The Body of Banks’ Chief Executive Officers on Thursday met in Lagos to review the current developments in the industry, especially issues around the ban imposed on nine commercial banks by the Central Bank of Nigeria (CBN), barring them from participating in the foreign exchange market.
At the end of the meeting, which was presided over by the chairman of the body and CEO of Access Bank Plc, Mr. Herbert Wigwe, the body agreed to work closely with the CBN to address the issue that led to the ban in a manner that would protect the stability of the industry, as well as to ensure proper conduct in the optimisation of the foreign exchange market.
The Central Bank of Nigeria (CBN) on Tuesday barred nine banks from participating in the forex market for not remitting a total of $2.334 billion Nigerian National Petroleum Corporation (NNPC)/Nigerian Liquefied Natural Gas (NLNG) Company dollar deposits to the federal government’s Treasury Single Account (TSA).
It enforced the sanction by not selling dollars to the financial institutions when it intervened on the interbank foreign exchange market on Wednesday.
The affected banks were: the United Bank for Africa (UBA) Plc – $530 million, First Bank of Nigeria (FBN) Ltd. – $469 million, Diamond Bank Plc – $287 million, Sterling Bank Plc – $269 million, Skye Bank Plc — $221 million, Fidelity Bank Plc – $209 million, Keystone Bank Ltd. – $139 million, First City Monument Bank (FCMB) Ltd. – $125 million, and Heritage Bank Limited – $85.5 million.
But UBA was re-admitted into the forex market by the CBN yesterday, having complied with its directive.
But the nine banks still face the prospect of further financial fines, which shall be communicated to them by the CBN in the coming days.
The CBN governor met with CEOs of the affected banks in Abuja yesterday, media gathered. The crucial meeting forced some of the bank executives that were on vacation outside the country to cut short their leave as it was gathered that they all were in attendance.
The body of bank CEO, however, in a statement stressed that as professionals who understood what was at stake, they would work towards ensuring that the concerned banks complied with the directive of the central bank as soon as possible to avoid negative impact on the economy.
While clarifying that there was no concealment in any form as the banks had always disclosed the fund in their returns, the meeting which held at the Bankers House noted that the situation arose out of the maturity mismatch of funds found in certain strategic sectors to ensure the growth of the economy.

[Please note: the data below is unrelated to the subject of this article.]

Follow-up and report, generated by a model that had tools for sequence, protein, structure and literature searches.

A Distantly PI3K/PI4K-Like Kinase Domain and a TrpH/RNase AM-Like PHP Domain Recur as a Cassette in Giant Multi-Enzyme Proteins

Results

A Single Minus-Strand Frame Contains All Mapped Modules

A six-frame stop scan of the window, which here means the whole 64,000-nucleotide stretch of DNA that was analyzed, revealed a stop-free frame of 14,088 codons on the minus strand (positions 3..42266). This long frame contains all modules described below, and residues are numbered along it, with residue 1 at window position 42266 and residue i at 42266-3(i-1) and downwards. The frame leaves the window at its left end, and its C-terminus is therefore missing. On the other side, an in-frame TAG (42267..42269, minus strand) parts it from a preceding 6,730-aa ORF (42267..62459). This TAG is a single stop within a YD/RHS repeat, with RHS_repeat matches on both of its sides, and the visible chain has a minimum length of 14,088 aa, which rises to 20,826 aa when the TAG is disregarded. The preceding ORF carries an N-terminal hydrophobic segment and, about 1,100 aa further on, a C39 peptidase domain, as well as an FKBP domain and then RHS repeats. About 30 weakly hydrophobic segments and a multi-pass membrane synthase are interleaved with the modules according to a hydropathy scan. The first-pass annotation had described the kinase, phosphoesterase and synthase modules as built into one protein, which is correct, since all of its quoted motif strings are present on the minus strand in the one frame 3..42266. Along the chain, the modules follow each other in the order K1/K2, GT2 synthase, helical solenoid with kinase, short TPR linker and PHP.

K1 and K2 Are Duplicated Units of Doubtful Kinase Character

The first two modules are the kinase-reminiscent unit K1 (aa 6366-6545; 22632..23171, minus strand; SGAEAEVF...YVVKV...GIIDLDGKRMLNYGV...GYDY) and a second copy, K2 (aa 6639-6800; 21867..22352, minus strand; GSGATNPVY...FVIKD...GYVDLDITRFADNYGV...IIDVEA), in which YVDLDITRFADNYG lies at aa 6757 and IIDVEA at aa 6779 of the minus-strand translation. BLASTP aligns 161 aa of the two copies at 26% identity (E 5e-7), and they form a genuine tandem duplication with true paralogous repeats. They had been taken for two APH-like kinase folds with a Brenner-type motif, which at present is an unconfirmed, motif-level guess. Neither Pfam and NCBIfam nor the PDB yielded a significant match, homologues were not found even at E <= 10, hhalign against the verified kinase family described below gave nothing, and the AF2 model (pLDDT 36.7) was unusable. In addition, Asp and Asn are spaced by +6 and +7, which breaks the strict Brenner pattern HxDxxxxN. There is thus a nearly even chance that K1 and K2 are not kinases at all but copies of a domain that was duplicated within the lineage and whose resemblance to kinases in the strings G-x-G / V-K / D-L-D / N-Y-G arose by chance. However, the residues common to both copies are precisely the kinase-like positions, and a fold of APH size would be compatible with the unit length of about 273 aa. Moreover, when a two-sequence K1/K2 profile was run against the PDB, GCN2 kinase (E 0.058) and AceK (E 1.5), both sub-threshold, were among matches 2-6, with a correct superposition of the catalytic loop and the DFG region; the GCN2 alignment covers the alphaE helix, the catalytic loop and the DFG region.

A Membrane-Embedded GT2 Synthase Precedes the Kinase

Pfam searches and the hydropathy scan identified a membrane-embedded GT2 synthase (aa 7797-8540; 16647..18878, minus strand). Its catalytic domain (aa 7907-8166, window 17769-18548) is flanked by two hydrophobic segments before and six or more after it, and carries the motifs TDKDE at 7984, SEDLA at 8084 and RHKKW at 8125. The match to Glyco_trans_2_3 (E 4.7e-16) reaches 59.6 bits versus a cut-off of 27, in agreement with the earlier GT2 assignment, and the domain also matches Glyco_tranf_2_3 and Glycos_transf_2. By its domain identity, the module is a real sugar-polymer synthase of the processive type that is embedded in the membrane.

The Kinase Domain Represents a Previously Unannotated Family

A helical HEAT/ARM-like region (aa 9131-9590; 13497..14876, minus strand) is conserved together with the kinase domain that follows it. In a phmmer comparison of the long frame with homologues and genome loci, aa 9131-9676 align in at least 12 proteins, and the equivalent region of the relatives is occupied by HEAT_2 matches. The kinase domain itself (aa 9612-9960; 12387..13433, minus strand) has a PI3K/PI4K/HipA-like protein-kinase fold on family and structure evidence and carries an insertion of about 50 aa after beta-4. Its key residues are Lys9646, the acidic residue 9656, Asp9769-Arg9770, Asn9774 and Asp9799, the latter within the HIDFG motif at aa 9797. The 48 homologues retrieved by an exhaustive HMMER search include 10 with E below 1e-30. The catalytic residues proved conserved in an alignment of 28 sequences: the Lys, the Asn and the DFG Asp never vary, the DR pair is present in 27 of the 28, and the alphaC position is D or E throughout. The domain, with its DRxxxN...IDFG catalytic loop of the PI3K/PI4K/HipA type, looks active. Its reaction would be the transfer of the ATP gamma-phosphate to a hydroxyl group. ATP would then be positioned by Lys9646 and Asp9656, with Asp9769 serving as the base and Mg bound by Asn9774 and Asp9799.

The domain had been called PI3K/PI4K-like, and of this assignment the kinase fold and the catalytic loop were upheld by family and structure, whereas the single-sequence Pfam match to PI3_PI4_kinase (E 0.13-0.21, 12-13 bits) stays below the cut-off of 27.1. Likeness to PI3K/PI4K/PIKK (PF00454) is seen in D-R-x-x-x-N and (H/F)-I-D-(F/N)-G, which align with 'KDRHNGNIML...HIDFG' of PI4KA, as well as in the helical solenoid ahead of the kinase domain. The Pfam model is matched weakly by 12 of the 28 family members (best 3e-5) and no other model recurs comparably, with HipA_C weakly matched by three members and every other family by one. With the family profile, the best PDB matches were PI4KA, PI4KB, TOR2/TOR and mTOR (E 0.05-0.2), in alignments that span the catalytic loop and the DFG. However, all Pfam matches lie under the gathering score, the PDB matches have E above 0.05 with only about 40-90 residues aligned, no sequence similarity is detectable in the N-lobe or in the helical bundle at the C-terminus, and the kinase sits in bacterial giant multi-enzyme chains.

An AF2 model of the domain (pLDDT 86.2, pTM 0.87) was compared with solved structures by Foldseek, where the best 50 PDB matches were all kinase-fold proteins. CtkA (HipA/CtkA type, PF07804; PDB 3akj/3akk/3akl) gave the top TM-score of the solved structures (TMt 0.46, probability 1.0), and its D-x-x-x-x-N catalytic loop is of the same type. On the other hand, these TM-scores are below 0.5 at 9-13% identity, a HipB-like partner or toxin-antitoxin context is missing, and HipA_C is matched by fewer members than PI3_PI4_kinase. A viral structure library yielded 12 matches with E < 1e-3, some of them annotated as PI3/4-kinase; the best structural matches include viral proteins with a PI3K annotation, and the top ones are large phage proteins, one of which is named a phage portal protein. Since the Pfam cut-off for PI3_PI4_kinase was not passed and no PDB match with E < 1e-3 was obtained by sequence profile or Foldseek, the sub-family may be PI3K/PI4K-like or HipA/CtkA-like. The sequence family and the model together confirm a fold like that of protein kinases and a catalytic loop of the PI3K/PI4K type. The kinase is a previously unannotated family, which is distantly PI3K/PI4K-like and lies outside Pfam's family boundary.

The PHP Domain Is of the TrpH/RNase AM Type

“The consensus in the meeting was that there is no crisis in the industry as it is strong and stable. The bank chief executives have also resolved to continue to collaborate with the CBN and other stakeholders to forestall this and other issues that may impact on the growth of the banking industry,” the statement signed by the Registrar/CEO, CIBN, Seye Awojobi, added.
Meanwhile, the naira depreciated to N408 to the dollar on the parallel market yesterday, compared with the N402 to the dollar it closed the previous day as customers of the nine banks that were banned from foreign exchange transactions have resorted to the parallel market for dollar purchases to meet their pressing obligations.
Also, on the interbank forex market, the spot rate of the naira fell to N316.84 to the dollar, lower than the N315.93 to the dollar it closed the previous day.
A reliable industry source disclosed to media yesterday that the situation put further pressure on the parallel market which had been experiencing liquidity squeeze in recent times.
The source said the mismatch between dollar demand and supply in the market had widened, adding that this would continue to hurt the performance of the naira.
“Dollar is now king in the market because of the ban of the eight banks. What that means is that their customers would have to go to the parallel market for dollars. As you are aware, since the ban of 41 items from the interbank market, the parallel market has been under pressure, and the ban of these banks has further increased the pressure. We hope that the situation is resolved this week,” the source said.
On his part, the President, Association of Bureau De Change Operators of Nigeria (ABCON), Alhaji Aminu Gwadabe, said most of the BDCs have their accounts with the banks suspended by the central bank.
This, according to him, had affected access to forex to his members, thereby resulting to the depreciation of the nation’s currency.
He added: “The suspension of the banks has really increased pressure on the market.”